Barriers and Incentives in Consumer Acculturation
ABSTRACT - This paper offers a comprehensive perspective on consumer acculturation. Basic concepts are defined, and a perspective is developed, emphasizing barriers and incentives in consumer acculturation, deriving from differences between the culture of origin and the new cultural context encountered. Relevant cultural factors are identified, and the impact of the various factors is proposed as explicit propositions resulting in a unifying perspective on consumer acculturation. Theoretical and managerial implications are highlighted.
Kjell Gronhaug, Mary Gilly, and Lisa Penazola (1993) ,"Barriers and Incentives in Consumer Acculturation", in E - European Advances in Consumer Research Volume 1, eds. W. Fred Van Raaij and Gary J. Bamossy, Provo, UT : Association for Consumer Research, Pages: 278-286.
This paper offers a comprehensive perspective on consumer acculturation. Basic concepts are defined, and a perspective is developed, emphasizing barriers and incentives in consumer acculturation, deriving from differences between the culture of origin and the new cultural context encountered. Relevant cultural factors are identified, and the impact of the various factors is proposed as explicit propositions resulting in a unifying perspective on consumer acculturation. Theoretical and managerial implications are highlighted. The purpose of this paper is to focus on how cultural environmental factors mediated through the individual may influence her or his consumption acculturation. In doing so, we will use the following approach. First, basic concepts that are needed to capture the phenomenon under investigation, i.e., consumer acculturation, and factors influencing this to occur, are discussed. Next, a perspective to guide our investigation emphasizing barriers and incentives to adapt the individual¦s consumption activities to the new cultural environment, deriving from differences between the culture of origin and the new cultural context, is developed. We then proceed by identifying elements from these cultural contexts, and discuss how they may exert influence on consumer acculturation stated as propositions. Finally, implications for marketers, other constituencies, and consumer acculturation research are highlighted. Culture The multidimensionality and complexity of culture have been described in many ways. Kroeber and Kluckhan (1952) in their seminal effort to define the concept stated that: CC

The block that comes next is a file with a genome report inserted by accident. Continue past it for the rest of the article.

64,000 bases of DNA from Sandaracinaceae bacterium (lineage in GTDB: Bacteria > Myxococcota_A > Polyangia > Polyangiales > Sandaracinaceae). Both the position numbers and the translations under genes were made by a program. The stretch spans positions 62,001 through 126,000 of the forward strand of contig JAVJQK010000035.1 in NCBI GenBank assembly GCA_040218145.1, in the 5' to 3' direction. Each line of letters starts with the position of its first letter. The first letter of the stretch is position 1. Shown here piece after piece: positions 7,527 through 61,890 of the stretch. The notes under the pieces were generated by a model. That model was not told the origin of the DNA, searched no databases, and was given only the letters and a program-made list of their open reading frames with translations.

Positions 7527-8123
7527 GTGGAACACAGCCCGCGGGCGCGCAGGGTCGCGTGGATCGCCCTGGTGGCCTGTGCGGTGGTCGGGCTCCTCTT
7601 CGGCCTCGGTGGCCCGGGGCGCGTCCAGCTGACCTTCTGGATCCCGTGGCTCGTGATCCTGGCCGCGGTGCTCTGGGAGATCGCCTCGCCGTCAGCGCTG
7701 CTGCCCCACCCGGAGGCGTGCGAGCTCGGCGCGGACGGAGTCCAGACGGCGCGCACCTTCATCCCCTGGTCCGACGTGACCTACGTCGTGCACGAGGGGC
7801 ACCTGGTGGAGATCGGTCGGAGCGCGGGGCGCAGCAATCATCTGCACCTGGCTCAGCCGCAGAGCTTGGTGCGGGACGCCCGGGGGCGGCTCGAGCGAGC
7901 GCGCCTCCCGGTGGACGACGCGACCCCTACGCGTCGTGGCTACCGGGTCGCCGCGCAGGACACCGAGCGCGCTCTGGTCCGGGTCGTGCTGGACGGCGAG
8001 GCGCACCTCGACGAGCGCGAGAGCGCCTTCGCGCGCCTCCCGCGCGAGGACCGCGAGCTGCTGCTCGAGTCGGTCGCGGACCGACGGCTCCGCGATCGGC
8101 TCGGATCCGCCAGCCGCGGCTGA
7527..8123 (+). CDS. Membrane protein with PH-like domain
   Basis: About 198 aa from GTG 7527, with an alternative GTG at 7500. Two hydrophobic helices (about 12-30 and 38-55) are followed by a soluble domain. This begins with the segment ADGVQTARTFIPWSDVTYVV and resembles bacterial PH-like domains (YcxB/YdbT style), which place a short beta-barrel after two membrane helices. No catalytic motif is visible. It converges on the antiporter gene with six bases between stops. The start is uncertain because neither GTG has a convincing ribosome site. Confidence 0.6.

This paper offers a comprehensive perspective on consumer acculturation. Basic concepts are defined, and a perspective is developed, emphasizing barriers and incentives in consumer acculturation, deriving from differences between the culture of origin and the new cultural context encountered. Relevant cultural factors are identified, and the impact of the various factors is proposed as explicit propositions resulting in a unifying perspective on consumer acculturation. Theoretical and managerial implications are highlighted.